Barbecue

It might be tough to swallow, but barbecue does not find its origin in the United States. Barbecue (a method of cooking, not a specific dish) isn't just throwing meat onto a grill. It's all about grilling meat for an extended period of time over indirect heat, most often provided by a wood fire. The flavor resulting from cooking for a long period of time (like 18-24 hours) infuses the meat with a unique flavor brought by the smoke, meat juice, fat, and the spices added prior to and during cooking.

The barbecue method and style of cooking comes from the Caribbean islands. When the Spanish met the indigenous population there, they used the word "barbacoa" to refer to the Caribbean method of slow-cooking meat. Caribbean natives and Spanish explorers brought the style of cooking to what would eventually become the United States. From there, it developed into various styles and different methods to include the creation of barbecue sauces and dry rubs. It's easy to assume barbecue is an American creation due to its incredible popularity in much of the country. But like most things in the U.S., barbecue was a borrowed idea.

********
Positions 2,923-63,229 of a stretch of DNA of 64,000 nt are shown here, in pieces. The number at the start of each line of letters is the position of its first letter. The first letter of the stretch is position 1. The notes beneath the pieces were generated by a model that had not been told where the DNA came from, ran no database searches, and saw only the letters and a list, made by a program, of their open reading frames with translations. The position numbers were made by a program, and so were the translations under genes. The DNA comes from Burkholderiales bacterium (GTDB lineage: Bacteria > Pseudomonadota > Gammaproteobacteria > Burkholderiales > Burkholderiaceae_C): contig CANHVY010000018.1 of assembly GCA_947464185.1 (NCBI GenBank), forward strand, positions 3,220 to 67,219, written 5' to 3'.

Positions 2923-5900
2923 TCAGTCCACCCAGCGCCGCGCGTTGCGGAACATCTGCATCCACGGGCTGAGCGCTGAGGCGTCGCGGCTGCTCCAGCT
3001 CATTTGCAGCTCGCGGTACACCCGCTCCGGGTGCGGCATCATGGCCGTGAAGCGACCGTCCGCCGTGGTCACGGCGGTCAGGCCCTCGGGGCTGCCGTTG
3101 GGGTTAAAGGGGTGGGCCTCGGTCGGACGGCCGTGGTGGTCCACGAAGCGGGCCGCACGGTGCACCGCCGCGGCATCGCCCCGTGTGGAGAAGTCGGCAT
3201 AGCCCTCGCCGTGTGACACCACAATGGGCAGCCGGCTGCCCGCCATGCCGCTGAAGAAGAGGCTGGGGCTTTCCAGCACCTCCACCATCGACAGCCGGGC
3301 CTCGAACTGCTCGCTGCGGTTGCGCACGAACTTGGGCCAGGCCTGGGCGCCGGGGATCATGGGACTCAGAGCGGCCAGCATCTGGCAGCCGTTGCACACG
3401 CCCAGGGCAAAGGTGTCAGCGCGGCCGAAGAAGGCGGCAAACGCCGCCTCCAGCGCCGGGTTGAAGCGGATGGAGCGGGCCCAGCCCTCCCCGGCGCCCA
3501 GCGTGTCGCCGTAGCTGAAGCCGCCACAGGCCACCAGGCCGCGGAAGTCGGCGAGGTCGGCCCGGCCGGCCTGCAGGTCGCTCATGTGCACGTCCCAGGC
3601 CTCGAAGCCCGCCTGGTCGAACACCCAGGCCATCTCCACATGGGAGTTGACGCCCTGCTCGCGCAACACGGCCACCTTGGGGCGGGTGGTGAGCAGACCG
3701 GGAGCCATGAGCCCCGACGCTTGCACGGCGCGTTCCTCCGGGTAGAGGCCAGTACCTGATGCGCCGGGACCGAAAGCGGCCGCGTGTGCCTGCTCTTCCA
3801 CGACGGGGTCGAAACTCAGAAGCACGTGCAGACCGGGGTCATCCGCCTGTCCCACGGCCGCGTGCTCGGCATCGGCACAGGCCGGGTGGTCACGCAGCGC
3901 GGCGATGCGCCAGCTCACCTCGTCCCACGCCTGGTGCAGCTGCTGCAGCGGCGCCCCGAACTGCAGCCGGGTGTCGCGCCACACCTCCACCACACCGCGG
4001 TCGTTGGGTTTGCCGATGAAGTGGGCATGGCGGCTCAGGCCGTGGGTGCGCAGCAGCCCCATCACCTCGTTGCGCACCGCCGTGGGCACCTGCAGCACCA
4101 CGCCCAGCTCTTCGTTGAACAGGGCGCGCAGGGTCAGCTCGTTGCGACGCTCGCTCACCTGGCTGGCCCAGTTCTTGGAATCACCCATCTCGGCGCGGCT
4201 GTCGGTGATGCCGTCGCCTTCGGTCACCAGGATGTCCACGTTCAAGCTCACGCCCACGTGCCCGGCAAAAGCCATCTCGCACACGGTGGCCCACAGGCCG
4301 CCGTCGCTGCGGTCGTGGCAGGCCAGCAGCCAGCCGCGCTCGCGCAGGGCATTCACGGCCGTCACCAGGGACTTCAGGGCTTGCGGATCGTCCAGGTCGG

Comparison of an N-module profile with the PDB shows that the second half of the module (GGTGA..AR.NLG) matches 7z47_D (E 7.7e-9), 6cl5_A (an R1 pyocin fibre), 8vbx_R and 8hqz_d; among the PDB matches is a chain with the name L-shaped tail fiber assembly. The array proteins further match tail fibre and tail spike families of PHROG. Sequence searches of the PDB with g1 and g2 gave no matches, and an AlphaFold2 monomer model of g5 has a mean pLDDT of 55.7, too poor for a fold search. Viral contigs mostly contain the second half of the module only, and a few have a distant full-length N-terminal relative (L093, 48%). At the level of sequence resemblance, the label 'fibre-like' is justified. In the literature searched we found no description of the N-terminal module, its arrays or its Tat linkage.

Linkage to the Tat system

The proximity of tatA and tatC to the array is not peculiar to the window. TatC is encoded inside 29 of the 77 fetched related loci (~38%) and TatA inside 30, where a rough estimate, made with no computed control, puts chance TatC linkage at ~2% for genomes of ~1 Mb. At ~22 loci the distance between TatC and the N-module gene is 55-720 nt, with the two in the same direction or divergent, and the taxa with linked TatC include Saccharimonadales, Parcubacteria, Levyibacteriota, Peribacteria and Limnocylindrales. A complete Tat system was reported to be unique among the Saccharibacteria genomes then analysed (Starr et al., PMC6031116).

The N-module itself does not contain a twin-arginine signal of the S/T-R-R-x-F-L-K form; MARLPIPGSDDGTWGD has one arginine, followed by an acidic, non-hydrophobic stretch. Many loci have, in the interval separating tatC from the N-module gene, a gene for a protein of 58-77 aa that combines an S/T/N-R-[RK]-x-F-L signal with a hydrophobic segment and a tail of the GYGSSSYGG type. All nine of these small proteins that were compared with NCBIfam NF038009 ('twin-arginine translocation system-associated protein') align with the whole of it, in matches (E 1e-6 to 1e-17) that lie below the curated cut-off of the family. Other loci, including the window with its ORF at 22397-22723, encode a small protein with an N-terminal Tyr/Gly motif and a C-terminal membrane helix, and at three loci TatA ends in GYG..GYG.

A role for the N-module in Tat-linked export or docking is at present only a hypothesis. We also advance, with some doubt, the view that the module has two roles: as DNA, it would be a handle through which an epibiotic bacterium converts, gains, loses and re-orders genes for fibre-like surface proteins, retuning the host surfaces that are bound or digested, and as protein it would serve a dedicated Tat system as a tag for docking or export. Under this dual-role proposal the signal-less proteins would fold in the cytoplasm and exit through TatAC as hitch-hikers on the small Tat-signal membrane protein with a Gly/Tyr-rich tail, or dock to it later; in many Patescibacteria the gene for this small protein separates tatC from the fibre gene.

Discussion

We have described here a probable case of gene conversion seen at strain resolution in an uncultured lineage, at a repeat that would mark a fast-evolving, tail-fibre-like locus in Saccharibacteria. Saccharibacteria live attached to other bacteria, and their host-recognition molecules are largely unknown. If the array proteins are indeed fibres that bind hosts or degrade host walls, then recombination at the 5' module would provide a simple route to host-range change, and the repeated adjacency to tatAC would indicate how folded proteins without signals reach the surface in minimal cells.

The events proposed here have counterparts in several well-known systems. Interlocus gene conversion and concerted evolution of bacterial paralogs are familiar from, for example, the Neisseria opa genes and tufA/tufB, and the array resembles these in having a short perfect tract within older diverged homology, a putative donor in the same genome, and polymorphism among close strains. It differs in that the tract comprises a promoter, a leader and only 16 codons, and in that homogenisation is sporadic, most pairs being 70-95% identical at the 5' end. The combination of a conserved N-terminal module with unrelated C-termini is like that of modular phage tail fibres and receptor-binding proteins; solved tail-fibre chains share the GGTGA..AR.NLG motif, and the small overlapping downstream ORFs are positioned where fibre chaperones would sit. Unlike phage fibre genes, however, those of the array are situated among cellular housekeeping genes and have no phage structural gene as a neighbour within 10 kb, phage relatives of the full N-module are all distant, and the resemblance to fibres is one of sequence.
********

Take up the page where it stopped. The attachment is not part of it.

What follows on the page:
Turkey

Every American schoolkid has heard the story of how the English settlers to the New World were saved by generous Native Americans in what is now called the first Thanksgiving in 1621. These historical inaccuracies aside, it is widely believed that Native Americans in North America were the first to bring the delicious bird to the table. Well, not really!

People were eating turkey as far back as 800 B.C. The indigenous people of what is now Mexico enjoyed the bird since at least that time. The fossil record indicates that's when the bird was domesticated and eventually moved north around 200 B.C. where it was further domesticated by another indigenous group of people. The Native Americans who would eventually go on to assist the English colonists with their knowledge of corn and other edible vegetables were likely introduced to turkey as a part of their diet around 1100. Up until that point, they may have used turkeys primarily for their feathers rather than their meat.

Due to their large size and the taste of their meat, the turkey was easily adapted into the diets of the colonists who settled the Americas, and it has remained a central aspect of the Thanksgiving dinner since around 1863 when President Lincoln declared it a national holiday and gave it a regular date. The turkey was favored for this particular meal due to its size. It could feed an entire family, and it kept raunchy Uncle Ed's mouth too full for him to talk, which is the real blessing of Thanksgiving.